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Should the Internet be Taxed?

Should the Internet be Taxed?

 

 

 

 

 

 

 

 

 

 


There's Not Going to be Much Left of the Patient
Artist: Clifford Kennedy Berryman
Date: June 10, 1943

Short-sighted "brick and mortar" merchants, like kindergarten students, cry out, "It ain't fair!"  You tax me, why don't you tax them?  But what is stopping those "brick and mortar" merchants from joining the internet gold rush themselves?  If it's so unfair, then why don't they simply hop on board?

Government will find a way to tax just about anything.  If you doubt this, you might want to take a look at For Good and Evil: The Impact of Taxes on the Course of Civilization, Second Edition, by Charles Adams (Madison Books, 1999), a superb treatise on the history of taxation. 

Here are some suggested links to both sides of this question.  (We suspect you know where we stand!)

The Advisory Commission on E-commerce:   According to this site (now closed and no longer updated), "The Advisory Commission on Electronic Commerce was created by Congress and tasked with producing what is arguably the most important policy initiative of the information age: recommendations on electronic commerce and tax policy, critical issues with global implications. The Commission completed its work with its Report to Congress, which was delivered on April 12, 2000."

Should We Tax the Internet?  The Institute for Policy Innovation says, "The states don't need the additional revenue and there is no fair tax. That being the case, there is no justification for taxing Internet access or sales."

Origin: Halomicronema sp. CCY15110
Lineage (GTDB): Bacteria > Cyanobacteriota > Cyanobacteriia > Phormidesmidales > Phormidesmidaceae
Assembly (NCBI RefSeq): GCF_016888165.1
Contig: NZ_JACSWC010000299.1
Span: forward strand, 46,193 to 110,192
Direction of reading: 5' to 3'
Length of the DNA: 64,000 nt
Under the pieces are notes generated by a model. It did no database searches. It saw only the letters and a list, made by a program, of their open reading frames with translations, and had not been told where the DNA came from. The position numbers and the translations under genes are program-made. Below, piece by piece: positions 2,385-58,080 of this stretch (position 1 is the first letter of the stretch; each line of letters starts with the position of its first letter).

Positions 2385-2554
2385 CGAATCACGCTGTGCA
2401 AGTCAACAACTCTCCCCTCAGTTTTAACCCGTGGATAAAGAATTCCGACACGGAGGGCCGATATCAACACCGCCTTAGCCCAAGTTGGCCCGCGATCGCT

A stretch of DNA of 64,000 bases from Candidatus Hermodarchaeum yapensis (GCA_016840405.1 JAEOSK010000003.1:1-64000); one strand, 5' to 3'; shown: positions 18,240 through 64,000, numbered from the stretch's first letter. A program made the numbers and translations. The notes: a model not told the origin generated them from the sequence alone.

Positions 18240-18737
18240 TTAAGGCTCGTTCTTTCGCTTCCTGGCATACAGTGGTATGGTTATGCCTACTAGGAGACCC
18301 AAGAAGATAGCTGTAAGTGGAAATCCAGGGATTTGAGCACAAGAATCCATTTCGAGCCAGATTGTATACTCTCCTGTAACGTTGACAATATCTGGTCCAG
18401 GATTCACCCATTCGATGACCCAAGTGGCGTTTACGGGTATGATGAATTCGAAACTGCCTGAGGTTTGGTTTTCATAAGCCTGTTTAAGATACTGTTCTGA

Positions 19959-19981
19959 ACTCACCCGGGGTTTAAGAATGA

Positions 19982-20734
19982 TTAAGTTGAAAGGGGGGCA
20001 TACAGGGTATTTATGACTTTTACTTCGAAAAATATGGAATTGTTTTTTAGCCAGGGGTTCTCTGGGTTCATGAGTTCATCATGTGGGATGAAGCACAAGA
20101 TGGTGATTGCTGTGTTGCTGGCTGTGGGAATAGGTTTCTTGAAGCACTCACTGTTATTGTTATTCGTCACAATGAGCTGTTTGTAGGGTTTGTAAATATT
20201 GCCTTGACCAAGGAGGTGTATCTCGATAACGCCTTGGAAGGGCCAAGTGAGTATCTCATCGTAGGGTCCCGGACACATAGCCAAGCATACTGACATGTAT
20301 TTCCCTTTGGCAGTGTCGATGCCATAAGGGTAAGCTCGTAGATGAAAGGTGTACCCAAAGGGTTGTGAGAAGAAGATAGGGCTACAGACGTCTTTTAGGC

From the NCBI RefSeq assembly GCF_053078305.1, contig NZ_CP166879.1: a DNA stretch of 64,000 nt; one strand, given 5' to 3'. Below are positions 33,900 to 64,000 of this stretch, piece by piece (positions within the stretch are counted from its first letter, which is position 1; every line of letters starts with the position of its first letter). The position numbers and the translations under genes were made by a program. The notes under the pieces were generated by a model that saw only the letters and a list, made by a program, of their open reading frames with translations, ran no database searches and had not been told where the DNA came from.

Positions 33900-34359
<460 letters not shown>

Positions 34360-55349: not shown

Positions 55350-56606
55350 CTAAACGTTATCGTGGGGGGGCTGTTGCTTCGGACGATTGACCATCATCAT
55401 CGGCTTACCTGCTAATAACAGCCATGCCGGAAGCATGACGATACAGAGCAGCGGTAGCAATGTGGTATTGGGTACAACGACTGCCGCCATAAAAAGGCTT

Electronic Commerce and Tax Policy Includes a number of pro-tax links.  Brought to you by The Tax Association (notice there's nothing here to suggest these fellows have anything to do with taxpayers - just taxes), who pride themselves for "not promot[ing] any particular tax program or policy."

Streamlined Sales Tax Project.  The Streamlined Sales Tax Project is "a cooperative effort of states and localities to respond to repeated calls for simplification of the sales tax and concerns about the impact of applying the current system to the burgeoning electronic commerce world."  (Hey, fellows - think about this.  No tax is about as simple as it gets, wouldn't you say?) How Taxation Threatens to Shut Down Commerce On The Internet This comprehensive article is published by Citizens Against Government Waste ("CAGW").  CAGW is "a 600,000 member, private, non-partisan, non-profit organization dedicated to educating Americans about the waste, mismanagement, and inefficiency in the federal government. Founded in 1984 by the late industrialist J. Peter Grace and syndicated columnist Jack Anderson, CAGW is the legacy of the Presidentís Private Sector Survey on Cost Control, also known as the Grace Commission."